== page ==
Monday, March 29, 2004 - Kerry adapts policies, Bush resists changes:
"Imagine that there was just a snowstorm up in Vermont, that the ski conditions are spectacular, that you have no plans or commitments for the weekend, and that your friends are all clamoring for a ski trip. Under these circumstances, you might very well decide to hop in the car and start driving north to ski country. But what if it recently rained, the ski slopes are full of bare patches, and you have a major paper due the Monday after your potential trip? Would you still go skiing that weekend? Probably not...At the current political moment, it's clear which presidential candidate would go skiing regardless of the changed circumstances, and which candidate would evaluate the new facts and change his mind."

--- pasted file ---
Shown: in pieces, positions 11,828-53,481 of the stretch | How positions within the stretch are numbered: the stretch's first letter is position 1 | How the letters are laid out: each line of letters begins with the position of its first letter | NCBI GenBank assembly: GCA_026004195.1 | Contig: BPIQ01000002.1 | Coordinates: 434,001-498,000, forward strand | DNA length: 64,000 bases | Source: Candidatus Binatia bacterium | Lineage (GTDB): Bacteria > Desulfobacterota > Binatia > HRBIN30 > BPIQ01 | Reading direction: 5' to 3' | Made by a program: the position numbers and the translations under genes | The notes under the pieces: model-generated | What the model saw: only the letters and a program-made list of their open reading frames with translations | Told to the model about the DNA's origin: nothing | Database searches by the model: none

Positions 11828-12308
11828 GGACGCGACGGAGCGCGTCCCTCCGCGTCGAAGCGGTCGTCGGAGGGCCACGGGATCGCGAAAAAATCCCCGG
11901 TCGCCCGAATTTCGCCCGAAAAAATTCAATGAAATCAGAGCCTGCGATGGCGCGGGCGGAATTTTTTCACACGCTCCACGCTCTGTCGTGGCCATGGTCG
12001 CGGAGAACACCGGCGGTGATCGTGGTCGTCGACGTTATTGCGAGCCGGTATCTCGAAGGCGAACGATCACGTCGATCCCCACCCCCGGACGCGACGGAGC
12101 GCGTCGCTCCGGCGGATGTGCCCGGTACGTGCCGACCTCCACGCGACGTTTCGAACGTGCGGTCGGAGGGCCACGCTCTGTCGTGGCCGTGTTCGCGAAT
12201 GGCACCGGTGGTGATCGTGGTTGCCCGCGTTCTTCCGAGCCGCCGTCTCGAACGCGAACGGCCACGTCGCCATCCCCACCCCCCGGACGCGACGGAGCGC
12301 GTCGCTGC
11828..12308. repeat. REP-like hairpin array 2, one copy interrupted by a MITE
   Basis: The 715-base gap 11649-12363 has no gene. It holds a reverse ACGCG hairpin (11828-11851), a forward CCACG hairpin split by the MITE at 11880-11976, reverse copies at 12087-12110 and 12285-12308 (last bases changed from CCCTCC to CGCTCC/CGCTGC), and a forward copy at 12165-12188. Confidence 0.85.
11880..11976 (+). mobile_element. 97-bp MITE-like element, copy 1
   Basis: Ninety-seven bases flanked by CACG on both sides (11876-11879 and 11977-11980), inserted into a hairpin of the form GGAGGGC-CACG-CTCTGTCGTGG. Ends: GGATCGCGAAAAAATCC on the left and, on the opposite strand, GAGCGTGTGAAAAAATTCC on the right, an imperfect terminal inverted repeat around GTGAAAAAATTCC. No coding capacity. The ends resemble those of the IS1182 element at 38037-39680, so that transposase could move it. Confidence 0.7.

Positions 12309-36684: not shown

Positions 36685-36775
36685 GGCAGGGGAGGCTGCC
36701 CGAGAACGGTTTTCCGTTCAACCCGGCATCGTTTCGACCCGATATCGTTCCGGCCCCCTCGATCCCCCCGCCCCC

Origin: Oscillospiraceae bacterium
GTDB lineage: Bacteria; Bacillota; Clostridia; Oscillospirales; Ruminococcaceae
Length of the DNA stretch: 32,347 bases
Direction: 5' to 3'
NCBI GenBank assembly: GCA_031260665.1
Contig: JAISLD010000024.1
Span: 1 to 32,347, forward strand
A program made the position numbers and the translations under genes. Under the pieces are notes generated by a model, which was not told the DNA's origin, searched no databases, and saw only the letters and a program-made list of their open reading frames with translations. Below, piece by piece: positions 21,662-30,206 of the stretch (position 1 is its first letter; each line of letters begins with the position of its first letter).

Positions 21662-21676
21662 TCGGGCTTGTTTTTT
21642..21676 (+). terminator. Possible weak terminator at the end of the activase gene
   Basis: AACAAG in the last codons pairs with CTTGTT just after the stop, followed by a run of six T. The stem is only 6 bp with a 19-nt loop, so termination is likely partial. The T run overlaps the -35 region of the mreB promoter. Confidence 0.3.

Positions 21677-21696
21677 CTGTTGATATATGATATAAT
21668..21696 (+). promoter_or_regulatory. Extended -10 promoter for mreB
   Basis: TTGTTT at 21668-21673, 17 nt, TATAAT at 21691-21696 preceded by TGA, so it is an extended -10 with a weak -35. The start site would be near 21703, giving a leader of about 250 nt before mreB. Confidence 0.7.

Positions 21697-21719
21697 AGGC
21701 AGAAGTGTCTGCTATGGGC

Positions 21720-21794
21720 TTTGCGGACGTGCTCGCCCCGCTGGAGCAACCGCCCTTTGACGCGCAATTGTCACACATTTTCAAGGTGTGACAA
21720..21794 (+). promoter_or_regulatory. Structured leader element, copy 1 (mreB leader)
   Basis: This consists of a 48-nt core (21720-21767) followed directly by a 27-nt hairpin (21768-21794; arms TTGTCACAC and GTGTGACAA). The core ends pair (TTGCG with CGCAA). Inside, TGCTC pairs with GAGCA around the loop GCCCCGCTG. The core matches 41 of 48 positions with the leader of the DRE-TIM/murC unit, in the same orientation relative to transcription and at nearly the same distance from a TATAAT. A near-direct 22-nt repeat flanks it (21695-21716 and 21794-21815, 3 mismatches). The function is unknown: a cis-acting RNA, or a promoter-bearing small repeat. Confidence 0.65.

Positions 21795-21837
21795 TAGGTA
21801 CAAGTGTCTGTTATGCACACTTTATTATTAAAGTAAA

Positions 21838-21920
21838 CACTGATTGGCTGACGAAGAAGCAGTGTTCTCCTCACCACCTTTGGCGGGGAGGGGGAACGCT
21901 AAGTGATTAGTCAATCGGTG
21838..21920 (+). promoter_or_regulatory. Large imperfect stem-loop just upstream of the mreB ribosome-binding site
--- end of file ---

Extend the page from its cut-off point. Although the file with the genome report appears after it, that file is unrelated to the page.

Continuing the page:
Here's the problem, Nick: if you're a leader, you lead. You decide what the climate is, and you make a choice. To my way of thinking, Bush would hear a forecast of a big storm, try to drive in before it hit, and be sitting pretty if it turned out to be true, with a great day of skiing ahead of him. If it rained, and the slopes weren't quite as good, maybe he'd go antiquing instead.

Kerry, by way of contrast, would drive to the Massachusetts border, turn around and drive halfway back, change his mind and drive up to Vermont. Then he'd see the rain, drive back through the night, call a press conference and say "I was never in Vermont, and I never intended to go. After all, I have a paper due on Monday."

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